Personal Use of UO Accounts
Your unit just signed up for an Amazon Prime business account through PCS. You need to order some shoes for your daughter’s dance class, and you need them fast because the class starts in two days! You log in to your department’s Amazon business account and order the shoes, but pay for the order using your personal credit card.
Is this a problem? Yes. This can violate state ethics laws (use of official position), because you have avoided the personal cost of buying an Amazon Prime membership (which is required for expedited shipping), thereby receiving personal gain because of your UO position. But for your position as a UO employee, you would not have been able to use the benefits from your unit's Amazon Prime business account. Without advance written permission, this is prohibited.
Purchasing UO Property for Personal Use
You work at the Rec Center. The UO is purchasing cardio equipment at a discounted rate. You want to add one treadmill to the order for your use at home. You will use your personal funds to pay for the extra treadmill and you will be responsible for getting the treadmill from the delivery site at UO to your house.
Is this a problem? Yes. This would be the unauthorized use of official position for personal gain. But for your position as a UO employee, you would not have saved money on that treadmill.
This could also be a conflict of interest, if you are the one making the decisions about the treadmill order on behalf of the university.
You use a UO laptop for work. The laptop works fine, but it is 4 years old, and the department is planning on replacing it. Rather than send the laptop to e-waste, you offer to buy the laptop from the department for $100 because your son’s laptop just died, and he needs a new one.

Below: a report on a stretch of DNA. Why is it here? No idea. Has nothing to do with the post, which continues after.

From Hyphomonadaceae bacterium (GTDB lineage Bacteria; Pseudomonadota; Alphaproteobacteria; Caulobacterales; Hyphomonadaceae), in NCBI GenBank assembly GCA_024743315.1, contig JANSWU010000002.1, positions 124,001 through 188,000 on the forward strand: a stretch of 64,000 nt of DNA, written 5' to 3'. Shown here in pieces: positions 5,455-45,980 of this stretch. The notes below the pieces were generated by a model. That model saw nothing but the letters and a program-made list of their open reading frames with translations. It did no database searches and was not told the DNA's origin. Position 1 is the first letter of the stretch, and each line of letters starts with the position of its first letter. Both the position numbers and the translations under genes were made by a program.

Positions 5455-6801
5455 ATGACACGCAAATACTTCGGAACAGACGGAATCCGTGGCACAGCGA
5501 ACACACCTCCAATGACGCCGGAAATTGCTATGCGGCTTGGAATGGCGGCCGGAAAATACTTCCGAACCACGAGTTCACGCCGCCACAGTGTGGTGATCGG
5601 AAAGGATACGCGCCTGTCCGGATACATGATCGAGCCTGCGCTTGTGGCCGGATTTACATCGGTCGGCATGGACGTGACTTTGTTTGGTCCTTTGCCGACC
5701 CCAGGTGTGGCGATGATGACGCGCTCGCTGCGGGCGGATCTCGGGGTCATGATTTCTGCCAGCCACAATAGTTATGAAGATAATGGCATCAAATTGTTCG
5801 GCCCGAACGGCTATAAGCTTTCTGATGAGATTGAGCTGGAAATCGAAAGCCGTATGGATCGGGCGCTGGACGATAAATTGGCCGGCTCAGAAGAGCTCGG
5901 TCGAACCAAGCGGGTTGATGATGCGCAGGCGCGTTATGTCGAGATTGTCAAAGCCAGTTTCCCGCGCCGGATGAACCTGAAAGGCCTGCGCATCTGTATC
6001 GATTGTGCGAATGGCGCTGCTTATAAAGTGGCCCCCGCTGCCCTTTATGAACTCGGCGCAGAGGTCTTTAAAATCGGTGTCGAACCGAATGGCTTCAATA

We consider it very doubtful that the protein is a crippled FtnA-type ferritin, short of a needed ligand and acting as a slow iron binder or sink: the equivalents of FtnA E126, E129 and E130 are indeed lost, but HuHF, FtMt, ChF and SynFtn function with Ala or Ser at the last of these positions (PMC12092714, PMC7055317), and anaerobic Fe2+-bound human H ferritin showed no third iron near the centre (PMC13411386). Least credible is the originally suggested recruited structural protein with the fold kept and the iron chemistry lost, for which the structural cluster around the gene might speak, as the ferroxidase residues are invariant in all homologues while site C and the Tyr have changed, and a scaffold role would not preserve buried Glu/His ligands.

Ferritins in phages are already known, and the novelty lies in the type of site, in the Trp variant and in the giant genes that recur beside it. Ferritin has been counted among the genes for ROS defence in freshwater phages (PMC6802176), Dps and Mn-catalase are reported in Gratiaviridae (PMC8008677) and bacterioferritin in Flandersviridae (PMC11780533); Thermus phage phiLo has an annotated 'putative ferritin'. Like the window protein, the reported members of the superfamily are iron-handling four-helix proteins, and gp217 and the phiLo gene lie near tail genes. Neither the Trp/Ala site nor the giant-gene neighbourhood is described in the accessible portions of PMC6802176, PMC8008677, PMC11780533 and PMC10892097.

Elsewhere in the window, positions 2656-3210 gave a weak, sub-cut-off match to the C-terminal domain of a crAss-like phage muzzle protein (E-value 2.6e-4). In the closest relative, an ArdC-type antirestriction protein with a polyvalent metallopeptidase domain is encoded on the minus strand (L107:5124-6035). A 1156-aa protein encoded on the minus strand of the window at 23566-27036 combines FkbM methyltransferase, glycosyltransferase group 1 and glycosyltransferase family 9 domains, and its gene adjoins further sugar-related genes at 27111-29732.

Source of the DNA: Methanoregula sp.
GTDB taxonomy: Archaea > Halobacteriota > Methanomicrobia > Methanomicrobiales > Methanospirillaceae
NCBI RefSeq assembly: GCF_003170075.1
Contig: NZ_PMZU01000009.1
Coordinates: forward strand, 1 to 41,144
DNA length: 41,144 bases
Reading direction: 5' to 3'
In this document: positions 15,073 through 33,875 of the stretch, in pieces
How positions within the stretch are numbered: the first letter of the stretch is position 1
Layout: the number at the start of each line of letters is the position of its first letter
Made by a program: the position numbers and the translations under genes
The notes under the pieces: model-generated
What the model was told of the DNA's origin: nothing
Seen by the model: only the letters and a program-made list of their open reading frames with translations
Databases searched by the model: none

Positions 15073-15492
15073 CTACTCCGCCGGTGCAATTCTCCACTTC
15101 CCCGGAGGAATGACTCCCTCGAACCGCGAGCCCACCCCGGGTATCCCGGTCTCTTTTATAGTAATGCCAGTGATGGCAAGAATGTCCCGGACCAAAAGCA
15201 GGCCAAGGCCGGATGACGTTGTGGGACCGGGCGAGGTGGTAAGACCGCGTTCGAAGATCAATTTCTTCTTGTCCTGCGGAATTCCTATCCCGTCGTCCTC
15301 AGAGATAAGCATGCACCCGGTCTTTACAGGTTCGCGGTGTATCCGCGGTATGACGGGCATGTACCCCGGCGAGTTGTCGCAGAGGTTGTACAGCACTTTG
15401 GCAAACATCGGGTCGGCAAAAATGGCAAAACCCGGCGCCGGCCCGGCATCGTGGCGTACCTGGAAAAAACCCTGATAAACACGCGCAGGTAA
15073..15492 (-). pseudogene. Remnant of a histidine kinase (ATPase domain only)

Is this a problem? It is. This would be the unauthorized use of official position for personal gain. But for your position as a UO employee, you would not have saved money on that laptop. Typically departments cannot sell or give University property to University employees.
Borrowing UO Property
Let’s say you have a second job unrelated to your UO position playing the bagpipes. Instead of buying a set of pipes, you borrow one from the university on weekends, when no one else needs it.
Is this a problem? Yes. This can violate state ethics laws (use of official position), because you have avoided the personal cost of buying bagpipes, thereby receiving personal gain because of your UO position. Without permission, this is prohibited. But for your position as a UO employee, you would not have avoided the expense of buying or renting those bagpipes.
Purchasing UO Property for UO Use
You work in UO PE & Rec but you also run your own sports equipment business. Your department at UO needs to buy new equipment just like the products sold by your business. Because of your side business, you know you can give the university a good deal. You contract with your sports equipment business to purchase the new equipment for UO.
Is this a problem? Yep. You cannot choose to use UO funds to buy your company’s equipment for the PE & Rec department because it presents a conflict of interest, and could violate the use of official position.
If your business does not present the best deal for UO, then but for your position at UO and responsibility to buy gym equipment, the UO would not have purchased equipment from your business. If your business does offer the best value for UO, UO may still work with your business. But before that happens, you must disclose your side business to a supervisor, in writing, and someone else should make the decision about whether and where to buy the new equipment.